In 2008, Scott appeared in the award-winning HBO miniseries John Adams, opposite Laura Linney and Paul Giamatti. Mamie Gummer, Meryl Streep's daughter, played his sister. In 2009, he appeared in Sea Wall, a one-man show written especially for him by Olivier award-winning playwright Simon Stephens.
He starred alongside Ben Whishaw, Katherine Parkinson and Paul Jesson in a sell-out run of Cock at the Royal Court in late 2009, a production which won an Olivier Award in 2010. He has recently been seen in Foyle's War as a prisoner determined to allow himself to hang for a crime he may not have committed, which was described in Slantmagazine as a "standout performance." Other film appearances included a role in Chasing Cotards (a short film made for IMAX), the short film, Silent Things and as Paul McCartney in the BBC film Lennon Naked. He also starred in the critically acclaimed 2010 film The Duel.
He is most well known as Sherlock Holmes' nemesis Moriarty in the BBC drama series Sherlock, and he had a guest role in the second series of Garrow's Law playing a gay man on trial for sodomy. In 2010 he appeared with Lisa Dillon and Tom Burke in the Old Vic comedy about a three-way love affair, Noël Coward's Design for Living.
In 2011 he played the lead role of Julian in Ben Power's adaptation of Henrik Ibsen's epic Emperor and Galilean at the National Theatre in London.
He had a part in BBC2's original drama The Hour as Adam Le Ray, a failed, secretly gay, actor.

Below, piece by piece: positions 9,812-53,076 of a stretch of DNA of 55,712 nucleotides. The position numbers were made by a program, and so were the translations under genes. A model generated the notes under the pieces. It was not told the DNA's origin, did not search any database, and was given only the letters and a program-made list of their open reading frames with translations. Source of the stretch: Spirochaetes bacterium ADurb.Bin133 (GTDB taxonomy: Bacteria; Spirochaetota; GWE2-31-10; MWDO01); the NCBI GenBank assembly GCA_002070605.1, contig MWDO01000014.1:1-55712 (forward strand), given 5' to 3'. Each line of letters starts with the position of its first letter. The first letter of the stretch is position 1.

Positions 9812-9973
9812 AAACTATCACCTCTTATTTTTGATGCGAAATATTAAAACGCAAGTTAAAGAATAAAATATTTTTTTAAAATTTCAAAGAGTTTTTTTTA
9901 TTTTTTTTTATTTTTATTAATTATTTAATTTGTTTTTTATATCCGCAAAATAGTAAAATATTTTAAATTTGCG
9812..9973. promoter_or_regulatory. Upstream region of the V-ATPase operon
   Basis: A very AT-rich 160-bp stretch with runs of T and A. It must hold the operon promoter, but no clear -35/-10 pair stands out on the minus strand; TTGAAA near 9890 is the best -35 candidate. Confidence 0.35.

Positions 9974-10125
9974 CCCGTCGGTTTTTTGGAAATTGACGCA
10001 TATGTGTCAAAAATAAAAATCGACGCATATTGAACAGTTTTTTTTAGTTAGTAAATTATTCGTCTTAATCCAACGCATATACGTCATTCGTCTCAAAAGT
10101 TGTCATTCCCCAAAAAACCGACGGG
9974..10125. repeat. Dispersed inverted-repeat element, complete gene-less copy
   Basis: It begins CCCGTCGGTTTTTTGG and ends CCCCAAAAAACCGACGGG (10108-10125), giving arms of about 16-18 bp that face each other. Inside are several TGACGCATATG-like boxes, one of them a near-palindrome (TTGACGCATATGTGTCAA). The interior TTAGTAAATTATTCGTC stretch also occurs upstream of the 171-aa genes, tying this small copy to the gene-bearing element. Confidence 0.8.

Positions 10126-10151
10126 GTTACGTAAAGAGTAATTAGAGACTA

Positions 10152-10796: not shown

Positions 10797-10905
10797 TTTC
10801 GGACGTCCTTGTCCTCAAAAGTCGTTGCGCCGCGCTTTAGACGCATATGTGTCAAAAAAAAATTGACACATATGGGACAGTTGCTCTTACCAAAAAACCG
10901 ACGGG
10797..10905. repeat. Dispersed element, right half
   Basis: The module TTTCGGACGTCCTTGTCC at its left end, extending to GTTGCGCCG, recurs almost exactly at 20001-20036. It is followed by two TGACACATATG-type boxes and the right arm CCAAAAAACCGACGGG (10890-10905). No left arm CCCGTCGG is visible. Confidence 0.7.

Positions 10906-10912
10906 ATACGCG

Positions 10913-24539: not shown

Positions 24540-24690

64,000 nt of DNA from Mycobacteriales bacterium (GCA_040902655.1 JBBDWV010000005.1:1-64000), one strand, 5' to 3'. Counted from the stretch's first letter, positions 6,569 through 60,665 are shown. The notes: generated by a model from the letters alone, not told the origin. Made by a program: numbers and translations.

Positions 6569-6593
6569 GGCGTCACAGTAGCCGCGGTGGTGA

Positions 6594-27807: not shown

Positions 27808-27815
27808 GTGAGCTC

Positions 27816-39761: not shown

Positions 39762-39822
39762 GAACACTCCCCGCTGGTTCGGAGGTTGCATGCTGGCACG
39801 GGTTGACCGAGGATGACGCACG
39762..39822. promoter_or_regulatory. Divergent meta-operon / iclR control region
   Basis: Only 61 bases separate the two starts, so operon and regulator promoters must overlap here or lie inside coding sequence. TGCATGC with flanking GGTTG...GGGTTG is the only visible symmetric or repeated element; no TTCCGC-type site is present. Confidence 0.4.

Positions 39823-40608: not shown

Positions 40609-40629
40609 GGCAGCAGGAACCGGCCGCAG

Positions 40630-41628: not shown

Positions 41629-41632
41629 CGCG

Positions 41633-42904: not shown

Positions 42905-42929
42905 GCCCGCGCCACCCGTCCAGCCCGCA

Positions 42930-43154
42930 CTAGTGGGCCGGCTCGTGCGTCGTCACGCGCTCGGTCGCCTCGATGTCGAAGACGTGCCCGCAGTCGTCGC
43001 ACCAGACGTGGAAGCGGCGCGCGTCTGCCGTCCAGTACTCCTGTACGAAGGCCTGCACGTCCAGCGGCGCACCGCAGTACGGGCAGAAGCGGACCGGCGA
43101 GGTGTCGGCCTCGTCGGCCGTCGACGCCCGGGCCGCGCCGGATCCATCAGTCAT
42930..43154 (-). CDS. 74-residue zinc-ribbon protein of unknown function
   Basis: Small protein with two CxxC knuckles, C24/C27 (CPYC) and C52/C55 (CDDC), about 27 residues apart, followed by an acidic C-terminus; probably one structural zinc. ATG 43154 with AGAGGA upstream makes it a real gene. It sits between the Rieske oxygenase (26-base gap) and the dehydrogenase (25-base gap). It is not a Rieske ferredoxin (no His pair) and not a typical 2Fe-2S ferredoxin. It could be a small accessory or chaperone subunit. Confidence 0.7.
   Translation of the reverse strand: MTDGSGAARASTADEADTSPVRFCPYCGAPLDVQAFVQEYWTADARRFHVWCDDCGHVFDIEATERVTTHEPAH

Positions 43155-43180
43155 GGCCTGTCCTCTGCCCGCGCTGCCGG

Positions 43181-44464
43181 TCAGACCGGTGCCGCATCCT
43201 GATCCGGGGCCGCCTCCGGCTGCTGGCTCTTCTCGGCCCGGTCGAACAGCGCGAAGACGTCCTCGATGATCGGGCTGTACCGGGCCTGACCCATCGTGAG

In addition to his stage and TV work, Scott is also known for his voice acting in radio plays and audiobooks, such as the roles of Jay Gatsby in Fitzgerald's The Great Gatsbyand Stephen Dedalus in James Joyce's Ulysses.
In November 2013, Scott took part in the National Theatre's 50 Years on Stage, a theatrical event which consisted of excerpts from many plays over the National's fifty-year run and was broadcast live on television. Scott performed a scene from Angels in America by Tony Kushner alongside Dominic Cooper. Scott has described the experience as 'overwhelming', adding, 'What a night and what an honour to be there.
Most recently Scott took to the stage in Birdland, written by Simon Stephens and directed by Carrie Cracknell at the Royal Court Theatre, playing the central character of Paul, a rock star at the pinnacle of his career on the verge of a breakdown. Scott received positive reviews for the performance, with comments such as 'beautifully played' and he pulls off the brilliant trick of being totally dead behind the eyes and fascinating at the same time, an appalling creature who's both totem and symptom.
In 2015 he appeared in the James Bond film Spectre as Max Denbigh, a member of the British government.
Scott works with the charity IdeasTap mentoring young actors and helping to start their careers.